especially in PPR formats, as he’s been by far the better
pass catcher of the two. We’ll look at him as a mid-level
RB2 this week, while Kelley is more of a touchdown-dependent Flex
option and probably one that you’d be wiser to bench for
someone with a higher touch upside.
Dolphins at Cardinals
- (Caron) Line: ARI -4.5 Total: 48.0
Game Thoughts: The Tua Tagovailoa era began in Miami
this past week and while the Dolphins were able to walk away with
a victory, fantasy owners can’t be too excited to see the
rookie QB operate as a low volume game manager. It was just his
first start, of course, so we can’t necessarily draw definitive
conclusions from what we saw, but the fact that the Dolphins were
unwilling to let Tua uncork the ball down the field is certainly
disappointing for this passing game, especially wide receiver
DeVante Parker and tight end Mike Gesicki who have already been
struggling to find consistency here in 2020.
Parker has now failed to exceed three catches in three straight
games, but his scoring has been buoyed a bit by scoring two touchdowns
on his six total receptions over that stretch. He’s a talented
player, but a low target volume just isn’t going to be fantasy
friendly for him or any player, and this week he will likely be
shadowed by Patrick Peterson, so this is not a great situation.
Parker has to be looked at as a WR3/Flex play this week at best
and he’s someone who could be on quite a few benches.
Gesicki started the 2020 season off hot, but he’s cooled
down substantially as of late. Gesicki has been held to one or
zero catches in four of his past five games, including a one-catch
for eight yards performance in Tua’s debut this past week.
Gesicki has shown flashes of brilliance, but he’s simply
not a consistent enough contributor to be trusted for fantasy
purposes right now.
Similarly, the other pass catching weapons in this passing game,
including Preston Williams, need to be on fantasy benches until
we see them start to establish some connection with Tagovailoa.
ARI FPts Allowed vs. QBs: No.15
ARI FPts Allowed vs. RBs: No.9
ARI FPts Allowed vs. WRs: No.16
ARI FPts Allowed vs. TEs: No.20
Running Game Thoughts: Myles Gaskin had been operating as one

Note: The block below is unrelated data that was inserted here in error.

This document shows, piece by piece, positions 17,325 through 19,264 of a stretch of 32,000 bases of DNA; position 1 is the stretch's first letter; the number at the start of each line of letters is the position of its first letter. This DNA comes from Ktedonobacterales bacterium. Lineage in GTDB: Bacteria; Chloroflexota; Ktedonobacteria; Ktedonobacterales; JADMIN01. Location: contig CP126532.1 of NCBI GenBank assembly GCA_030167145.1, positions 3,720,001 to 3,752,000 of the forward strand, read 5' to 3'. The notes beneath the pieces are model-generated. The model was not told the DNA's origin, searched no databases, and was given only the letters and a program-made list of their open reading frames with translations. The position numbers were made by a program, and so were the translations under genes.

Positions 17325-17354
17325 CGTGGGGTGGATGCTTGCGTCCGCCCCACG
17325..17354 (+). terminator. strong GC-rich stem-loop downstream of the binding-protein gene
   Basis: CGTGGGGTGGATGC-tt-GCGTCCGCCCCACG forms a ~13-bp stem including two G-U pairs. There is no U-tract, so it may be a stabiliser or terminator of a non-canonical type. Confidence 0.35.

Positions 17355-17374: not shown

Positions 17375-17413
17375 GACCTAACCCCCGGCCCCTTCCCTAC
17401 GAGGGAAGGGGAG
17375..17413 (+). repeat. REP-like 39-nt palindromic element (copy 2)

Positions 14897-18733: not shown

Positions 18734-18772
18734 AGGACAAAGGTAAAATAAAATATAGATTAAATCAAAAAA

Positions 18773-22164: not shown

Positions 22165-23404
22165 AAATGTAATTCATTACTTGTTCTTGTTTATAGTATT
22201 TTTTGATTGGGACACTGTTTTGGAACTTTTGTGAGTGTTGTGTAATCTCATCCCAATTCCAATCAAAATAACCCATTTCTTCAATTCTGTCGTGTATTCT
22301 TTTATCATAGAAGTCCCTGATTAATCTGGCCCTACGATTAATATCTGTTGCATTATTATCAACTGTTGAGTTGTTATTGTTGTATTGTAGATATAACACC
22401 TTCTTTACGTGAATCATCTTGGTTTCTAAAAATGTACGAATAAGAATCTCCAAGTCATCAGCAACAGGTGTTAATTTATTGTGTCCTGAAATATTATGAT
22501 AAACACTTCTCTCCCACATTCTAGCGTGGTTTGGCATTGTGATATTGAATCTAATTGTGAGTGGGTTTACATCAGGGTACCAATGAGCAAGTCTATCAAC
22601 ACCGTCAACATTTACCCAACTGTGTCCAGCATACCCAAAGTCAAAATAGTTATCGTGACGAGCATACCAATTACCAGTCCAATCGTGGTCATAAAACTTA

of the league’s under-the-radar bell cow backs to start
the 2020 season, but there’s significantly less optimism
about this running game now that he’s been added to the
IR with a knee injury.
Backup running back Matt Breida (hamstring) didn’t practice
on Thursday and looks iffy at best to play on Sunday. If he is
active, Breida is a sneaky Flex play against a below-average Cardinals
run defense, but there’s a good chance that we’ll
be looking at some sort of combination of Patrick Laird, Jordan
Howard and possibly even rookie Lynn Bowden Jr. this week. None
of these players have been active in the Miami offense as of late
so it’s extremely difficult to know what this coaching staff
will choose to do and this is probably a situation to avoid if
at all possible.
Game Thoughts: A bye week is seemingly the only thing
that could slow down the red hot 2019 NFL Offensive Rookie of
the Year Kyler Murray, as the Cardinals QB has scored at least
20 fantasy points in every game so far this season. His passing
work has been shaky at times, but Murray has produced four 270-plus
yard passing days in his seven starts. Better yet, his rushing
numbers are off the charts as he’s currently on pace to
approach 1,000 rushing yards along with a ridiculous 16 rushing
scores. Certainly we can’t expect that type of pace to continue,
but these are the exact same conversations we were having with
Lamar Jackson just a year ago at this time, and he went on to
run away as the highest-scoring fantasy quarterback.
Murray is an unquestioned QB1 right now and he’s been absolutely
locked in with wide receiver DeAndre Hopkins who is coming off
of a 10-catch, 103-yard, one touchdown performance against the
Seahawks. Hopkins has been targeted at least seven times in every
game this season and he’s right back to being one of the
matchup-proof super-stud receivers that we’ve come to know
Unfortunately, the other pass catching weapons in this Arizona
offense just haven’t been nearly as consistent. Larry Fitzgerald
is making a few catches per game, but nothing worthy of fantasy
consideration. Meanwhile Christian Kirk has stepped up with four
straight double-digit PPR fantasy games, but he’s doing
it on such little volume that it’s tough to believe that
it’ll continue. Kirk has the talent and explosiveness to
be a WR3 even on five-or-so targets, but we’d like to see
more before we consider him to be anything more than that WR/3Flex
The Dolphins defense isn’t a great matchup as they’ve
given up the 11th-fewest fantasy points per game to opposing QBs
so far this season. It’s worth diving a bit deeper into,
though, as a glance at the game log will show that while they’ve
done a great job against QBs like Jimmy Garoppolo, Gardner Minshew,